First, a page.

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There are some apt points to that comparison. Many clean-tech companies are now run by executives who hit it big in the Internet era, and a lot of entrepreneurs predict that humanity will be better off--as long as you buy their products.
Fortunately, the analogy only carries so far. For one thing, a significant number of the individuals in the clean-tech space are physicists from national laboratories. You get fewer recent college grads rambling on about new business paradigms in an effort to hit on chicks (and hence not as many launch parties with free-flowing liquor and '80s cover bands.)
But the difference goes deeper than that:
1. Customers pay up front.
Internet companies had it easy here. Most successful ones spread by word-of-mouth, and if that didn't work they resorted to clever TV ads and insulated coffee cup holders. Most of the services were free, so customer numbers could grow dramatically.
"The solar industry can look to companies like Google for learning how to accelerate technology adoption," wrote Jon Klein from Topline Strategy recently.
OK, but for someone to start using Google, the search giant doesn't have to send a contractor to your house whose every conversation begins with, "Well, we had the building inspector out here, and there's good news and bad news."
To get someone to go green, solar companies and automakers have to get consumers to crack open their wallets and fork over thousands of dollars. It's going to be a slow slog.
2. It's not fun
When you boil it down, most Internet services really aren't essential; they are luxuries. People bought books and records before Amazon.com, and movies like The Dukes of Hazzard don't get any better when delivered on peer-to-peer networks. Living like it's 1993 wouldn't be like a return to the Dark Ages. Instead of YouTube, you'd watch reruns of America's Funniest Home Videos. (E-mail was a big change, but e-mail predates the browser, so I don't include it.)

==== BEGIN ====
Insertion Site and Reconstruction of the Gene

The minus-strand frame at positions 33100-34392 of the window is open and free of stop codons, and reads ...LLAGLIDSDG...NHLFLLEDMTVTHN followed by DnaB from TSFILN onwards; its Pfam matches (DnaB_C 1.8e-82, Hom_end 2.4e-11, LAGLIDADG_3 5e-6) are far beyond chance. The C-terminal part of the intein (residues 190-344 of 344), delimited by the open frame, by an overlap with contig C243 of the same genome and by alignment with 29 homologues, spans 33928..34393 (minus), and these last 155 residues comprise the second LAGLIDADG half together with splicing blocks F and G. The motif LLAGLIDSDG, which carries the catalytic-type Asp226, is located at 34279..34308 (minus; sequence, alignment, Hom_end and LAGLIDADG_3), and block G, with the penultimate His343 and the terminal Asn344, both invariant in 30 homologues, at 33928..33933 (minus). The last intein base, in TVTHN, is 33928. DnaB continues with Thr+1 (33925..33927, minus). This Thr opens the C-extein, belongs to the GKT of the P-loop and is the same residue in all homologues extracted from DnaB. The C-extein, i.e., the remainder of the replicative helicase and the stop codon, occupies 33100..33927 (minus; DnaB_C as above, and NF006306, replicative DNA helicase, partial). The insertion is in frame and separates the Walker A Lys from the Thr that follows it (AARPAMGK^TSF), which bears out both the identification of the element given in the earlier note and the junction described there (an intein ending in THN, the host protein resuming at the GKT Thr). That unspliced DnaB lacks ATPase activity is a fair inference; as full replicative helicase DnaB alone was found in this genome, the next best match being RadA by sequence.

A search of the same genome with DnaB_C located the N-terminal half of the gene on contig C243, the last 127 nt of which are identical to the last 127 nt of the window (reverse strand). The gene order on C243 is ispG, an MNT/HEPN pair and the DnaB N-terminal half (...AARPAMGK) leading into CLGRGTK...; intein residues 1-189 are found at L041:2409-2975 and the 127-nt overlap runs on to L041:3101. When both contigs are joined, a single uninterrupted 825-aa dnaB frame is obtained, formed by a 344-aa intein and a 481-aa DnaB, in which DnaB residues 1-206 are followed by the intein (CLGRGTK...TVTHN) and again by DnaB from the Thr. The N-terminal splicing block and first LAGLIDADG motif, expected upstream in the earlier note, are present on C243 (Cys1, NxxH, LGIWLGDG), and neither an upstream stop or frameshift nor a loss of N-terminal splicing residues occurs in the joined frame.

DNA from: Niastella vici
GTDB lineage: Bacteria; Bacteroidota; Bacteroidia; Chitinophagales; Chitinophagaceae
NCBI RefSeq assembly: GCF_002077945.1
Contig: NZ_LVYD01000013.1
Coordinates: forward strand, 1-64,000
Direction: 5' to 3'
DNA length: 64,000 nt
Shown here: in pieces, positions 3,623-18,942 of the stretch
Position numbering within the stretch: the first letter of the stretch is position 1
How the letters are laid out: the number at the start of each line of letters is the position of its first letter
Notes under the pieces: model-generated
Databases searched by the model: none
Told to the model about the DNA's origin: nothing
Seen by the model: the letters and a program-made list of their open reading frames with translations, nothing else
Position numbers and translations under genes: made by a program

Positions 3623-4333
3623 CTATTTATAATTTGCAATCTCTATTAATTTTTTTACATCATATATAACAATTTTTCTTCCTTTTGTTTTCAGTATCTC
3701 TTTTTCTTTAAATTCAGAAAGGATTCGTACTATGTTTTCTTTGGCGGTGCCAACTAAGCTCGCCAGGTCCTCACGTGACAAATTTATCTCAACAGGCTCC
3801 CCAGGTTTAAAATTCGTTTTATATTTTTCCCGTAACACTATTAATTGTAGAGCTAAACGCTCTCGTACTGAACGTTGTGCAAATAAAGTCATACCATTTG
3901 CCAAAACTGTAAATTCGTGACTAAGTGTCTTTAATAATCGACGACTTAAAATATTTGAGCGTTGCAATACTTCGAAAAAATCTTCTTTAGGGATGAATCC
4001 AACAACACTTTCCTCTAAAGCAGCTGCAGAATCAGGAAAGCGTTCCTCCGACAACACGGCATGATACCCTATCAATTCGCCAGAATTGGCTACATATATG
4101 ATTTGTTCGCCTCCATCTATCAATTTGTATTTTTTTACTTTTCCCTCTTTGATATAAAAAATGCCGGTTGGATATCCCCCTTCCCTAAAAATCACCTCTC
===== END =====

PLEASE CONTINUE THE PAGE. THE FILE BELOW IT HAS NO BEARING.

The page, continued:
By contrast, society needs the products hawked by the alternative-energy crowd. Carbon dioxide and other greenhouse gases are changing the Earth's climate. Clean water supplies are going to be in short supply. And even if you don't believe in the environmental hazards, it's pretty clear that depending on countries like Venezuela, Iraq and Russia for fuel isn't a lot of fun.
When products become essential, the public gets a little more flexible when it comes to price. That means that long-range-but-risky ideas have a better chance of survival.
3. The role of the government
The Internet crowd has always had a bipolar relationship with the government. Consumer advocates, privacy experts and others have always roundly condemned the encroaching power of the state. On the other hand, they love the money. The Internet grew out of a military project, after all, and Net neutrality is a government regulation scheme.
There's no ambivalence on the energy side. The alternative energy industry will require research grants, tech transfers from the national labs and subsidies for quite some time.
4. You won't be a millionaire
Back in 1999, nearly everyone was a millionaire for 6 and a half minutes, and, my god, was it aggravating. People you absolutely hated were landing outlandish jobs. "I can bring my pet ocelot to work, and did you see my egg chair?"
Money will be made in energy, but often not in ridiculous amounts. Why is that? Most of these companies, ultimately, are hardware suppliers or chemical companies. They need lots of venture capital to build plants and hire workers; that's why a relatively small outfit like Nanosolar got $100 million in funding. Investors are going to monitor returns closely, which will cut down on the outrageous payouts for many workers.
5. Fickleness is forgotten
Customer whimsy is the dark underside of the Internet business. One day they love Yahoo, and the next they're off to Google. Someday, you just might see a mass migration of teens from YouTube, and it will be a bigger mystery than what drives lemmings to their doom.
With alternative energy, forget it. You bought that electric car, and it's yours to keep. A lot of the demand for solar panels or solar-powered water heaters will also come from utilities, commercial property owners, and owners of vehicle fleets, so expect a lot more talk about statistics.
6. It's invisible
With Internet companies, you care about what's being delivered down at the end of the pipe. Do I like the Comcast news wheel or the traditional headline arrangement on a news site? The articles are pretty much the same ones you see in the paper; it's the experience that differs.
With energy, the lamps in your house will still function like they always have, regardless of whether they are powered by solar or coal. Plastic forks made of cellulose will still be good for stabbing melon bits but only so-so with grapes.
Hence, the experience is the same--the actual benefits of going green are difficult to experience directly. Frankly, I don't know what this means in the long run, but I bet it becomes important.
Michael Kanellos is editor at large at CNET News.com, where he covers hardware, research and development, start-ups and the tech industry overseas. He has worked as an attorney, travel writer and sidewalk hawker for a time share resort, among other occupations.